Everyone, it seemed, got involved in the frenzy for ever-more-fancy uniforms and accoutrements, from Napoleon on down.

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Military Fashion in the Napoleonic Wars

by Blaine Taylor

Napoleon I, Emperor of the French, was in a fury over the uniforms issued to his newly created Illyrian Regiment: “Too small, too short, too tight, badly cut, badly made, badly sewed; many of the buttonholes made only with a simple snip of the scissors … sleeves not lined … capotes so tight that they cannot be worn over the uniform coat but they hamper the movements of men who have nothing on but a waistcoat under them; many … are of bad cloth … I want a report!” Read more

Polish Prince Joseph Poniatowski

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Polish Prince Joseph Poniatowski

By Jeremy Green

­Polish Prince Joseph Poniatowski, a great hero of Napoleonic legend, ultimately was a man without a country. Born on May 7, 1762, the prince at first enjoyed the luxurious life of a nobleman because of his ties to the ruling family of Poland. Read more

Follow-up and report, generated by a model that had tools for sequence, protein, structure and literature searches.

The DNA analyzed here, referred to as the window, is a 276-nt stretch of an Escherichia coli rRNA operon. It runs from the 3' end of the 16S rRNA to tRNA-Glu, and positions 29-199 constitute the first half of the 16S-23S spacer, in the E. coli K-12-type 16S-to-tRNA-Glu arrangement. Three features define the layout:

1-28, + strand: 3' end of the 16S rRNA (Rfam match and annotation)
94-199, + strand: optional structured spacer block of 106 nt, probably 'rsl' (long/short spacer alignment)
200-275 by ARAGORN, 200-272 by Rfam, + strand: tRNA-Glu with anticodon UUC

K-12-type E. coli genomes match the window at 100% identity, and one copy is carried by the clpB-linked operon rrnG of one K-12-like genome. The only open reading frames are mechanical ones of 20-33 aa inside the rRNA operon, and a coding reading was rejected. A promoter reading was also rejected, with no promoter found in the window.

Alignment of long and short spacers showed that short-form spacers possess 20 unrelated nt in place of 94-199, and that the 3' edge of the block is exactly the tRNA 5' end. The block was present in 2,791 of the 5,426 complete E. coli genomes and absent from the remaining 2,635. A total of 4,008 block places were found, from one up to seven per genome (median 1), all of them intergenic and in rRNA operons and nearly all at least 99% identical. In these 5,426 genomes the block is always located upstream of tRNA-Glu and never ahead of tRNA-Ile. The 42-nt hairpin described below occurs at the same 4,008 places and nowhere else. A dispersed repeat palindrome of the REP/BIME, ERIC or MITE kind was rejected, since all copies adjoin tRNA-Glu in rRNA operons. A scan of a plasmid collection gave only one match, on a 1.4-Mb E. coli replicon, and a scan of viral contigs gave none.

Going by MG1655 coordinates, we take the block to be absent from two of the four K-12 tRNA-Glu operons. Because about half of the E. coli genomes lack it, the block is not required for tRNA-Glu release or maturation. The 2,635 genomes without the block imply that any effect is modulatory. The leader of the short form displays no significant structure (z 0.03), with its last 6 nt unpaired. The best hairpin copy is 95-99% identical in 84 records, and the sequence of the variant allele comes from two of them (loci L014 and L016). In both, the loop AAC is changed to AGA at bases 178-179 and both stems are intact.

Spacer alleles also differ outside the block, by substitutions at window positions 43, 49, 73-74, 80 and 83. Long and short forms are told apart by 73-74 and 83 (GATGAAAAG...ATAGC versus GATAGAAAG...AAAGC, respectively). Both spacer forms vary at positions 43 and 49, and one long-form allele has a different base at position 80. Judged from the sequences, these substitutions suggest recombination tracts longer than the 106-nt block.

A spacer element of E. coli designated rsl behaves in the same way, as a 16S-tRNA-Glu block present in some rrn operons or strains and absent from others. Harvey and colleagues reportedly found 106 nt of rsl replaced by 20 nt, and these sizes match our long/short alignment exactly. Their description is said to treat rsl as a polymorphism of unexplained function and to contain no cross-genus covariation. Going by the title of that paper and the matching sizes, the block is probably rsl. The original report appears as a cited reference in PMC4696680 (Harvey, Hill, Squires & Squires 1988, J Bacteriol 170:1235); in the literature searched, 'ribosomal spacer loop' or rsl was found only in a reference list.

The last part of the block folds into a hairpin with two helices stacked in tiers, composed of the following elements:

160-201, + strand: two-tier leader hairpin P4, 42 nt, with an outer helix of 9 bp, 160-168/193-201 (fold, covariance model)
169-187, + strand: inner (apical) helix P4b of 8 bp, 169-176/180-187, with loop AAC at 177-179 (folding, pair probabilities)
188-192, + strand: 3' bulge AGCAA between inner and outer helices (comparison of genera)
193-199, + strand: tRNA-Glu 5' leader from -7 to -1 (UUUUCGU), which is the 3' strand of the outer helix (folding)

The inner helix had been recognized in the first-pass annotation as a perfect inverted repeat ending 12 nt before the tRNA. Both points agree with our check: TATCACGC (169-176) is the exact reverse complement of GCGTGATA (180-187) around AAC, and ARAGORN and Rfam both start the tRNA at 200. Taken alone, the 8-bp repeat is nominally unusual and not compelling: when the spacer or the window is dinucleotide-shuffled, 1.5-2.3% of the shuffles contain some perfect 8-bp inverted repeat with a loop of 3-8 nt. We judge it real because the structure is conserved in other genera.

Through the most devastating of military marches, Michel Ney commanded Napoleon’s Rear Guard with exceptional Élan and Honor.

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Michel Ney’s Retreat

by Jeremy Green

Napoleon Bonaparte’s Russian campaign of 1812 ranks as one of the worst military disasters in history. Only 50,000 men returned from an orginal 600,000, or of the 100,000 who marched into Moscow, less than 10,000 were to see France again. Read more

Emperor Julian 'The Apostate' sought to emulate Alexander the Great’s conquest of Persia, but Shapur II’s Savaran cavalry proved his undoing.

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Emperor Julian “The Apostate”

By Kaveh Farrokh

“[W]hen Emperor Julian had received the wound [in Persia], he filled his hand with blood, flung it into the air and cried, Thou hast won, O Galilean,” wrote Theodoret of Cyrus. Read more